One way this mechanism could result in asymmetrical limb responses would be if the right and left sides of the brain trigger release of different hormones in response to injury, and if the receptors for these hormones are asymmetrically distributed on the spinal cord, such that a right-brain hormone targets the left spinal cord and vice versa.
The researchers didn’t test this idea directly, although they report in their paper that injecting healthy rats with particular pituitary hormones or with blood from brain-injured animals recapitulated the side-specific limb abnormalities. In particular, the hormones β-endorphin and Arg-vasopressin caused the right back leg, but not the left back leg, to contract, they report.
If similar mechanisms operate in humans, it’s conceivable that drugs blocking receptors for particular hormones could help treat some of the physical effects of brain injury, Bakalkin adds. Indeed, in a follow-up experiment, the team reported that drugs inhibiting certain hormone receptors eliminated the hind-leg response in rats that had cut spinal cords and brain injury.
Ramesh Raghupathi, a neuroscientist at Drexel University who was not involved in the work, tells The Scientist that the team’s findings may dovetail with recent research identifying systemic imbalances in pituitary hormones following brain injury. “People have noticed that in patients,” he says, “but it’s never been translated, or reverse translated, into animal studies.”
He adds that for neuroscientists, these kinds of systemic effects are “one of those things that’s there in the background that we recognize. But we never really paid attention to it per se.” While this study is only in rats, he notes that it “shows proof of concept that not everything that happens in the context of brain injury is through the spinal cord in terms of limb function, and that there are external factors.”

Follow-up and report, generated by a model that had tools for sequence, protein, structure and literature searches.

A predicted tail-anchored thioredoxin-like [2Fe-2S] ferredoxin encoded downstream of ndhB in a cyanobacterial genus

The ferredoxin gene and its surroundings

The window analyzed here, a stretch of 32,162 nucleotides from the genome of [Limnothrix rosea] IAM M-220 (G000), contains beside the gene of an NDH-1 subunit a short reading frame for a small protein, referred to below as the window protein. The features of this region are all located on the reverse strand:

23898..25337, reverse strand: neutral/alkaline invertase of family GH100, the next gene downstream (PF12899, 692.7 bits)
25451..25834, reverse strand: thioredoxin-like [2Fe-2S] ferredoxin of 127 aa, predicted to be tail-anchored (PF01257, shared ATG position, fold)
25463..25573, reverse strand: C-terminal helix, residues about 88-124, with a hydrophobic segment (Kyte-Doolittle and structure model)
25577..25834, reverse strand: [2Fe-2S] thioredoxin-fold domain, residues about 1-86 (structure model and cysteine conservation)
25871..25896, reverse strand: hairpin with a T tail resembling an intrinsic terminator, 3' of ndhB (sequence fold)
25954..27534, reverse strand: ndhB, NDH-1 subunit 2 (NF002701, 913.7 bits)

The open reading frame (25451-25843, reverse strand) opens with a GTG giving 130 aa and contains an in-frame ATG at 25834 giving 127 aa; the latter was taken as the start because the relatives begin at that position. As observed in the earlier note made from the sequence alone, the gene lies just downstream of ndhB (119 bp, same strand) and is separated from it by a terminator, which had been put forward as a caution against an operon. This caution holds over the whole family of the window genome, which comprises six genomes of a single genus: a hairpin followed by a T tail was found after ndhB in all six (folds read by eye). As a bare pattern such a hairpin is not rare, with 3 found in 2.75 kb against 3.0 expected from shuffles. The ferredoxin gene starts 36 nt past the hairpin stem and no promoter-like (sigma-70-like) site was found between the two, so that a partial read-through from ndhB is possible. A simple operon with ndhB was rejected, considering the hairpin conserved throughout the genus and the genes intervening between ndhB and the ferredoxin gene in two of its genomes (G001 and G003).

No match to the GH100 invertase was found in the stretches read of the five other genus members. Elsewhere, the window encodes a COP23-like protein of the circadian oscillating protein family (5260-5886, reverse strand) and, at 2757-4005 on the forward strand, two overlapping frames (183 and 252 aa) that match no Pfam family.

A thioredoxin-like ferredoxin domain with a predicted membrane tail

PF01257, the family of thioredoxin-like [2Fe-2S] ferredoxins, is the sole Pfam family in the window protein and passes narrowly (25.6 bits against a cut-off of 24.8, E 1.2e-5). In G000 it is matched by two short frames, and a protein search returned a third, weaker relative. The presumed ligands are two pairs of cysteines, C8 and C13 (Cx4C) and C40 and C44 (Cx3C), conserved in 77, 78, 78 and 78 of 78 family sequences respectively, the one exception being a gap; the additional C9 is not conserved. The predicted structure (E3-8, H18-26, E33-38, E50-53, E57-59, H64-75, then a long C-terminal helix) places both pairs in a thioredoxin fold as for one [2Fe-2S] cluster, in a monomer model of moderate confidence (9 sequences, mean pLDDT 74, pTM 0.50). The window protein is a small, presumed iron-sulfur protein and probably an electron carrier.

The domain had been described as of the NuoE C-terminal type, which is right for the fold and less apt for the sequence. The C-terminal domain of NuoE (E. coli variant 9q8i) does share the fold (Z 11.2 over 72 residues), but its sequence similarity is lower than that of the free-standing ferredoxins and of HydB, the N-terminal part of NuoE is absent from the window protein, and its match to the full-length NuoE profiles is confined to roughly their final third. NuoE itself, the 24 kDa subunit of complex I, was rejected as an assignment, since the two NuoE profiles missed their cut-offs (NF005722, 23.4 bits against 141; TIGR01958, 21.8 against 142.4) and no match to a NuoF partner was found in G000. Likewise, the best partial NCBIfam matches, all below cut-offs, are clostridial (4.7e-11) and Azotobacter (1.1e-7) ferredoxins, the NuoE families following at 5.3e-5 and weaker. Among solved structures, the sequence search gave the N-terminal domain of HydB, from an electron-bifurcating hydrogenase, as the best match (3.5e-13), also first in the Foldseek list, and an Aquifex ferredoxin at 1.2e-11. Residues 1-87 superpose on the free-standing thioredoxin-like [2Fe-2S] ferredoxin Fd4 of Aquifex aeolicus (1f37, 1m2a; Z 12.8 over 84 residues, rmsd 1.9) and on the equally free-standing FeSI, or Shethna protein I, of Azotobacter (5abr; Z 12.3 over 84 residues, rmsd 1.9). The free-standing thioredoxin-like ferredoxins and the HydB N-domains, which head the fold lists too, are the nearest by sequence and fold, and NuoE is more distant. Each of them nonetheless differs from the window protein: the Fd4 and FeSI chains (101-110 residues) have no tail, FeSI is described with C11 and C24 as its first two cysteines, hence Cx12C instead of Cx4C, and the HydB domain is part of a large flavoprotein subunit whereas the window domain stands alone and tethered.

Both Raghupathi and Carmichael point out that the team used clear and simple methods, as is appropriate for a proof-of-concept study, but that many aspects of the work, including the type of brain lesion, aren’t relevant to the kinds of injuries seen in humans.
Most of the team’s observations were made over a period of hours, Carmichael says, while the effects of brain injury emerge in people over weeks and months, “so there’s a temporal element that they haven’t even approached.” It’s also unclear how hormones might carry information about brain injury. They could perhaps trigger changes in synaptic strength or in the structural organization of neurons controlling motor responses, Carmichael says, but “it’s hard to know exactly what the actual cellular mechanism is.”
Bakalkin agrees that there’s more to be done to investigate the mechanisms underlying the effects his group reported. In addition to identifying specific hormones released following brain injury, the researchers want to work out how those hormones encode information about the side of the brain, and how that could translate into side-specific effects on limbs. The team has also been running experiments to make extra sure they haven’t missed any other neural pathways that could bypass the spinal cord cut.
In the meantime, the study’s a useful reminder for researchers using animal models that left and right aren’t necessarily equivalent, Raghupathi says. “When people do unilateral brain injuries, some people do the left side, some people do the right side,” he says. “There’s always been this idea that for a rat, it really doesn’t matter.”